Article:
Applicability of Rule 68 at the appellate stage
|Decision on Motions - 26.09.2000||
31. […] [T]he close of trial proceedings means the close of all proceedings before a Trial Chamber, ending with the delivery of the judgement. […] [T]he practice of the Tribunal [is] that evidence disclosed after the close of hearings but before judgement may lead to the re-opening of a case at first instance. The situation could arise where, following the close of the presentation of evidence, but prior to the delivery of the judgement of the Trial Chamber, exculpatory evidence relating to the accused has come to the possession of the Prosecution. A Trial Chamber is entitled to have the benefit of all relevant evidence put before it in order to reach an informed and well-balanced judgement, and its ability to accept evidence late prior to judgement is in conformity with the requirement of a fair trial under the Statute and the Rules. In such a situation, it would be open to the Defence to move before the Trial Chamber, right up to the date of judgement, to seek permission to re-open the trial proceedings to enable the Defence to present the new exculpatory evidence that has come to light. The Appeals Chamber therefore takes the view that the duty of the Prosecution to disclose to the Defence the existence of such evidence pursuant to Rule 68 continues at least until the date when the Trial Chamber delivers its judgement.
32. […] the Appeals Chamber also believes that the Prosecution is under a legal obligation to continually disclose exculpatory evidence under Rule 68 in proceedings before the Appeals Chamber. The application of Rule 68 is not confined to the trial process. Like sub-Rule 66 (A) (ii), Rule 68 provides a tool for disclosure of evidence. In the context of the Rules, admission of evidence on appeal can be effected through either Rule 115 or Rule 89, but the Rules do not specify means of disclosure in appeals. This is where Rule 107 has a role to play: to enable the Appeals Chamber to import rules for trial proceedings to fill a lacuna in appellate proceedings, subject to appropriate modifications. […]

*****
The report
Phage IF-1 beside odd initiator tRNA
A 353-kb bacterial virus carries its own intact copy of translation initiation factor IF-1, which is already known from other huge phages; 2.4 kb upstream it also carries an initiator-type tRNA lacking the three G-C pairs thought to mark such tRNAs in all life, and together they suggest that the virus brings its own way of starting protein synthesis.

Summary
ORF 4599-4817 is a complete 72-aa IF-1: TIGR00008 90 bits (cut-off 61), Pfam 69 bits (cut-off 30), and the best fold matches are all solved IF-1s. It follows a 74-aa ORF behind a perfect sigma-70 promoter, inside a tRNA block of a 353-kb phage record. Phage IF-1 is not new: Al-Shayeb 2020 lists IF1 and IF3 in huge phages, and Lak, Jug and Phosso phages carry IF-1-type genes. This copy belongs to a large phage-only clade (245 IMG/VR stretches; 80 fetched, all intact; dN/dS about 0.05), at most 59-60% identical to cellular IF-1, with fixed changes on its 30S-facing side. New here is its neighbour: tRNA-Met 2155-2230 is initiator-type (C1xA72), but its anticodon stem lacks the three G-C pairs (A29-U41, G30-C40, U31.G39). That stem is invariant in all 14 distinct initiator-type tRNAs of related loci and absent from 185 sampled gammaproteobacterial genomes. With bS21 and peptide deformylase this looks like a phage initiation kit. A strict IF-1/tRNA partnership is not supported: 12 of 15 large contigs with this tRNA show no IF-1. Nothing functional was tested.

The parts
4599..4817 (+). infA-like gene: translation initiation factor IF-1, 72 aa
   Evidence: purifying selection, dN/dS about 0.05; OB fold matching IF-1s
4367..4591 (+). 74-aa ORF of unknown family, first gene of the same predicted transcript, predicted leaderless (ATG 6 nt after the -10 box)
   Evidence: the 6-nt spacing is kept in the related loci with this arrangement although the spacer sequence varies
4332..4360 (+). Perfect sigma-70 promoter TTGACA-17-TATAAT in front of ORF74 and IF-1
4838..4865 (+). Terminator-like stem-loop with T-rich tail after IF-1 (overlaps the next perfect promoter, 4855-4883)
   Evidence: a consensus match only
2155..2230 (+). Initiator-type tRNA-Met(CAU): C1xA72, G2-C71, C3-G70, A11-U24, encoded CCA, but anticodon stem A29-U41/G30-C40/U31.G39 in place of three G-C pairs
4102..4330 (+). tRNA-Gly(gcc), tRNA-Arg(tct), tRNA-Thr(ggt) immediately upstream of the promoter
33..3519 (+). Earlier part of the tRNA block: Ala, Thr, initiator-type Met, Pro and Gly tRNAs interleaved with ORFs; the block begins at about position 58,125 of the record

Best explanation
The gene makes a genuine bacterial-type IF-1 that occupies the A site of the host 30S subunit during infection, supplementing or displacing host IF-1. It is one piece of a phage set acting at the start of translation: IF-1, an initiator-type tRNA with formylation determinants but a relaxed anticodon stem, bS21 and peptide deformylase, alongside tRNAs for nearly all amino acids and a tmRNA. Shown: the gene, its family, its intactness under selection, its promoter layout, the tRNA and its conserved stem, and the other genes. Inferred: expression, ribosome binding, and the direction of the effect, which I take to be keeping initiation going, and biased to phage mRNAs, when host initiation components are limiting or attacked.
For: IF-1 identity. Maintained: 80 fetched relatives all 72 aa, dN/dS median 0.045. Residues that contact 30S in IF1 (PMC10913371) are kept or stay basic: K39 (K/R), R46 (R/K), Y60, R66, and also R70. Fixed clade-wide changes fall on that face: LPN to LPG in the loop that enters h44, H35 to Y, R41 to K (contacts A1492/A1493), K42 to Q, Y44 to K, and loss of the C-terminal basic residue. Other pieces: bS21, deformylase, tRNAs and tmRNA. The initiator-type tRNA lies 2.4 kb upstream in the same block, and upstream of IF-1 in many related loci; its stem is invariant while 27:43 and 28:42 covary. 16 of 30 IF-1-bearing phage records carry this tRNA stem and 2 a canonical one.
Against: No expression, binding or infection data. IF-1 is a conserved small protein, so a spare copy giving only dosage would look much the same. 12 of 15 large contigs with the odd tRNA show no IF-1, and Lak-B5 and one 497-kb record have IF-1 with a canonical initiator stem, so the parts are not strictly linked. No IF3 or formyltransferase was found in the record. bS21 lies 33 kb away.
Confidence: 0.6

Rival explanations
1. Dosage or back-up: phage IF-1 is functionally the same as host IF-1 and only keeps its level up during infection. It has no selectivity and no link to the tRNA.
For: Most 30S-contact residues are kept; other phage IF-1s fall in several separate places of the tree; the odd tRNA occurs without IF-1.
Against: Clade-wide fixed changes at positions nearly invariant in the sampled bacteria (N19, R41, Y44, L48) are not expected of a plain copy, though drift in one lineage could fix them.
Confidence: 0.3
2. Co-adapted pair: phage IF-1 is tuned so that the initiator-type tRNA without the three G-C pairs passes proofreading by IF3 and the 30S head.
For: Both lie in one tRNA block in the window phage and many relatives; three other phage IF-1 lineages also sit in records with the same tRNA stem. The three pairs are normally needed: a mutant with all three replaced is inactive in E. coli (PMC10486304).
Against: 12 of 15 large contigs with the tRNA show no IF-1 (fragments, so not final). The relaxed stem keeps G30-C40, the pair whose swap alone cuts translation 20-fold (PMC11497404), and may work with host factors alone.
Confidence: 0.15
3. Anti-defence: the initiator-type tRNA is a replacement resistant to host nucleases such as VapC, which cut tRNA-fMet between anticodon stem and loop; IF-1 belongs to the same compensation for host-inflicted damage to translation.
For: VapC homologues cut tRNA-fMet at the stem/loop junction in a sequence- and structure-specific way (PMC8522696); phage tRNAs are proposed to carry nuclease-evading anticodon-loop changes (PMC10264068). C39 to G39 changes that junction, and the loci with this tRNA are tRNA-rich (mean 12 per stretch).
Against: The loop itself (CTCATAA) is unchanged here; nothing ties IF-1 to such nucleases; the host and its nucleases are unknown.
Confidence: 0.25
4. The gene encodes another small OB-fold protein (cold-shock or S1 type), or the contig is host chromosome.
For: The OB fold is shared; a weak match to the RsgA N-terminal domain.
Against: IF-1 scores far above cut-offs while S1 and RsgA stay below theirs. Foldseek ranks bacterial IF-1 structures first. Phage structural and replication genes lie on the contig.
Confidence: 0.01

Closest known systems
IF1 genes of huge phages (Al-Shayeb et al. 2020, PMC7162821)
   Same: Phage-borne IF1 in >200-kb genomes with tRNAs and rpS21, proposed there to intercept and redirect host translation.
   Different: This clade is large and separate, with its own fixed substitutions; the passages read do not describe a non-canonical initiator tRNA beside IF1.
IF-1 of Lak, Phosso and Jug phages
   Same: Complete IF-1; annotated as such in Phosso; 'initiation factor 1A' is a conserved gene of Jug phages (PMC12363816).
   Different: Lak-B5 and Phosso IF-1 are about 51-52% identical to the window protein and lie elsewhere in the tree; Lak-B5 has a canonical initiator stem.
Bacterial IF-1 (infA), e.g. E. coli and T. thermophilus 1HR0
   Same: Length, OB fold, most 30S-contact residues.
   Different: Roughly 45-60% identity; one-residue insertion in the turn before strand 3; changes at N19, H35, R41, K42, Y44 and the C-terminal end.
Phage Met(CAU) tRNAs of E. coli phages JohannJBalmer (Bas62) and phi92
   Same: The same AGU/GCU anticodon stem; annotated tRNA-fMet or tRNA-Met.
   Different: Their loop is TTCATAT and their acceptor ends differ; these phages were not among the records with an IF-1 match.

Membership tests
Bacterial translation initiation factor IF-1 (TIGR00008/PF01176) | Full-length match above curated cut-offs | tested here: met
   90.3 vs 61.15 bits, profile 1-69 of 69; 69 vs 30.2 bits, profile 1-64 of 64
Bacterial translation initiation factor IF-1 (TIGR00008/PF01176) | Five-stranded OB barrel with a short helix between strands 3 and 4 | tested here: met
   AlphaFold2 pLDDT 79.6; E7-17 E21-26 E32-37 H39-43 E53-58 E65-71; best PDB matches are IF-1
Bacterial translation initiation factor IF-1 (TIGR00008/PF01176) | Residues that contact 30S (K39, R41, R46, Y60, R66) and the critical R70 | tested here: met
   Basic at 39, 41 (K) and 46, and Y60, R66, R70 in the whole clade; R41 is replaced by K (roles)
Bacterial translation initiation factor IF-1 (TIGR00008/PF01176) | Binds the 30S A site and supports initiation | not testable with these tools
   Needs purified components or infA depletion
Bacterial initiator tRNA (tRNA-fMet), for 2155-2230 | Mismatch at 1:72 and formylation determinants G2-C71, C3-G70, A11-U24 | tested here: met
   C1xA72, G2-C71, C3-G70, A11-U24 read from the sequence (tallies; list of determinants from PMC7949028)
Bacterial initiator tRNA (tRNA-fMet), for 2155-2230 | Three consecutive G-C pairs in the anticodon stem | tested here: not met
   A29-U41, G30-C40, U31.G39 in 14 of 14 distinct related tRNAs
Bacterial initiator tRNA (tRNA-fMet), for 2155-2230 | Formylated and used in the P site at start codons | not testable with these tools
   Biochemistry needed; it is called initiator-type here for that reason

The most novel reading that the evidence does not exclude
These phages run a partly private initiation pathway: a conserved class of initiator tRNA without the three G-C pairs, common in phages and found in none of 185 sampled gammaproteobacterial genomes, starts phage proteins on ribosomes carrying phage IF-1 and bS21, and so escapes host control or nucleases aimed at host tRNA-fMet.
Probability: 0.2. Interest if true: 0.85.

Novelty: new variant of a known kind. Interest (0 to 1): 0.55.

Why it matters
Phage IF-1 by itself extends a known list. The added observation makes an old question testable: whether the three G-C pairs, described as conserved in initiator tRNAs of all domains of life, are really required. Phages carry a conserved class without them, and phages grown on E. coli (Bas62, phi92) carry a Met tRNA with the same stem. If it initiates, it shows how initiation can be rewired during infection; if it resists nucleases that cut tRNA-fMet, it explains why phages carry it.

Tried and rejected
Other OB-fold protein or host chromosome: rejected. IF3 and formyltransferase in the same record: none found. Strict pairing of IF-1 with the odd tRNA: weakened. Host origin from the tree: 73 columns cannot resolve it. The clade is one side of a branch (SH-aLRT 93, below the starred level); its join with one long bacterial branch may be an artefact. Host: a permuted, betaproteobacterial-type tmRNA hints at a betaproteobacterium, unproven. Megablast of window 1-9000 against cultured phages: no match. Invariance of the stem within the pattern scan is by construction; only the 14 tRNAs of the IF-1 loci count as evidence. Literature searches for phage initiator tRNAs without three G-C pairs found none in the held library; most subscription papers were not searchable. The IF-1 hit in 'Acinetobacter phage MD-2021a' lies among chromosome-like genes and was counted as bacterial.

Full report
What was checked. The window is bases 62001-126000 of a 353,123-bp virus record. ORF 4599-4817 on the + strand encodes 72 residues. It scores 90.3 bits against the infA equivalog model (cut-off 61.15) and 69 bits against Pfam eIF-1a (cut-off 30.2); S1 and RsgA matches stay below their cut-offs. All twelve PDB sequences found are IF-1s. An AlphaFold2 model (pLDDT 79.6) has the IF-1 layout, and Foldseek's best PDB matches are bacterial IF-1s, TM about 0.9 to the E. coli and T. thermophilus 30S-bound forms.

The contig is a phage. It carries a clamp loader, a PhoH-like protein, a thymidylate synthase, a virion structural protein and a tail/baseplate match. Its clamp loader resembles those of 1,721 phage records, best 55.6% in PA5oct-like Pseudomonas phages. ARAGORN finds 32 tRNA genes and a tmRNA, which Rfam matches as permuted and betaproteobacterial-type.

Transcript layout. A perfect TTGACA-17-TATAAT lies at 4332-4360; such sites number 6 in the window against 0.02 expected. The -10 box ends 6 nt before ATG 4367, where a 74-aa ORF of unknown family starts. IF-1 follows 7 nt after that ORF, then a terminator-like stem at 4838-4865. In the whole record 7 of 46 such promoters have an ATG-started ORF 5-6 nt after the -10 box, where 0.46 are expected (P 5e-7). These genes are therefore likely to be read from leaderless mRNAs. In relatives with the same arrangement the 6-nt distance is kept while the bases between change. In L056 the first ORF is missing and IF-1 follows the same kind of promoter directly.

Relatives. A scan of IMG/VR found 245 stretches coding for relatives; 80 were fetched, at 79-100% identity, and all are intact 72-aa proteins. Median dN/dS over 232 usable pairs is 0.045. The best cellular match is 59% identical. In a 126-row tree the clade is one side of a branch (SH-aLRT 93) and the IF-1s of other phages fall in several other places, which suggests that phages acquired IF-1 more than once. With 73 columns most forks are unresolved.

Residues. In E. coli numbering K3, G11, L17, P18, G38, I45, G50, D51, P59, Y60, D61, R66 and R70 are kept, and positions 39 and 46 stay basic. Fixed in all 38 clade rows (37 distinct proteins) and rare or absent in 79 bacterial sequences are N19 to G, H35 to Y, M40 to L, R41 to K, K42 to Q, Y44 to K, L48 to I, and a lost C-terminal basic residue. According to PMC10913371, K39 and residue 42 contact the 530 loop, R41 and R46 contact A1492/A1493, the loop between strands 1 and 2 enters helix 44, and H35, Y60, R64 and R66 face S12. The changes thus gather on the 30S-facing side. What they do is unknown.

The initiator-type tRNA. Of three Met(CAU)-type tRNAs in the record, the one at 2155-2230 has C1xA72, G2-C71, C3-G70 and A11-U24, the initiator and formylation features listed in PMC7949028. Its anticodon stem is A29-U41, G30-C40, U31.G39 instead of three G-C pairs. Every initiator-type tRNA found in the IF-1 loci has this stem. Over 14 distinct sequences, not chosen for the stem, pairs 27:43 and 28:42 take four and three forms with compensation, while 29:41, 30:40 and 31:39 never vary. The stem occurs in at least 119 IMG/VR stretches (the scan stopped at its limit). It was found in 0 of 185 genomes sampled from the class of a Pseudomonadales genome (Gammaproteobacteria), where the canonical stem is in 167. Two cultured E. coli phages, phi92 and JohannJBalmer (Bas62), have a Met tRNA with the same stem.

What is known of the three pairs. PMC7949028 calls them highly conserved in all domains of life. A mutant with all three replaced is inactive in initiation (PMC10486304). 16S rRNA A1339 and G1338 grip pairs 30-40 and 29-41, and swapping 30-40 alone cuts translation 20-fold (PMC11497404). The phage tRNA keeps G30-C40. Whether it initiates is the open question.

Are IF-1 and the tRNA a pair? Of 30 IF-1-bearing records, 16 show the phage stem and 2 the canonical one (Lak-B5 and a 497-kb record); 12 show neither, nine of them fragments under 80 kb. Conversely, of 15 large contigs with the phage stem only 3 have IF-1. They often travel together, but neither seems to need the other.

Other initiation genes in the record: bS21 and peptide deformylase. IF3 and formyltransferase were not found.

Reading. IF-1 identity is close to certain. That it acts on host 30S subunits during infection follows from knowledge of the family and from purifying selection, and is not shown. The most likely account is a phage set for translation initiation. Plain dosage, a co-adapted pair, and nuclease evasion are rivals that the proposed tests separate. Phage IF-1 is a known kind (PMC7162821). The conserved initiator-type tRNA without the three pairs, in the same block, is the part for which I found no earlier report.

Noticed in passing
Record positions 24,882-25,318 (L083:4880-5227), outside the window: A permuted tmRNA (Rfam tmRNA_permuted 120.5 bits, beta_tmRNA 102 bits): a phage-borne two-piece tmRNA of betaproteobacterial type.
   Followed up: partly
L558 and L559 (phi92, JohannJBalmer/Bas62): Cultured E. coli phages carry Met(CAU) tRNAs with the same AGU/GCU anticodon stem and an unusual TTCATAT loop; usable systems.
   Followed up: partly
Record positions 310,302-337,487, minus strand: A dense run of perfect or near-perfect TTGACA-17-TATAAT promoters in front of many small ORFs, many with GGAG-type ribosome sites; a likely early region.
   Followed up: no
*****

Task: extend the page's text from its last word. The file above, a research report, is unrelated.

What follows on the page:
38. However, the Appeals Chamber considers that the Prosecution may still be relieved of the obligation under Rule 68, if the existence of the relevant exculpatory evidence is known and the evidence is accessible to the appellant, as the appellant would not be prejudiced materially by this violation. […]
39. […] Under Rule 68, the initial decision as to whether evidence is exculpatory has to be made by the Prosecutor. Without further proof that the Prosecution abused its judgement, the Appeals Chamber is not inclined to intervene in the exercise of this discretion by the Prosecution. […]
40. […] It is to be noted, however, that a request based on Rule 68 is not required to be so specific as to precisely identify which documents shall be disclosed. […]
 Prosecutor v. Anto Furundžija, Case No. IT-95-17/1-T, Judgement, para. 22.
Rule 107 ICTY Rule Rule 68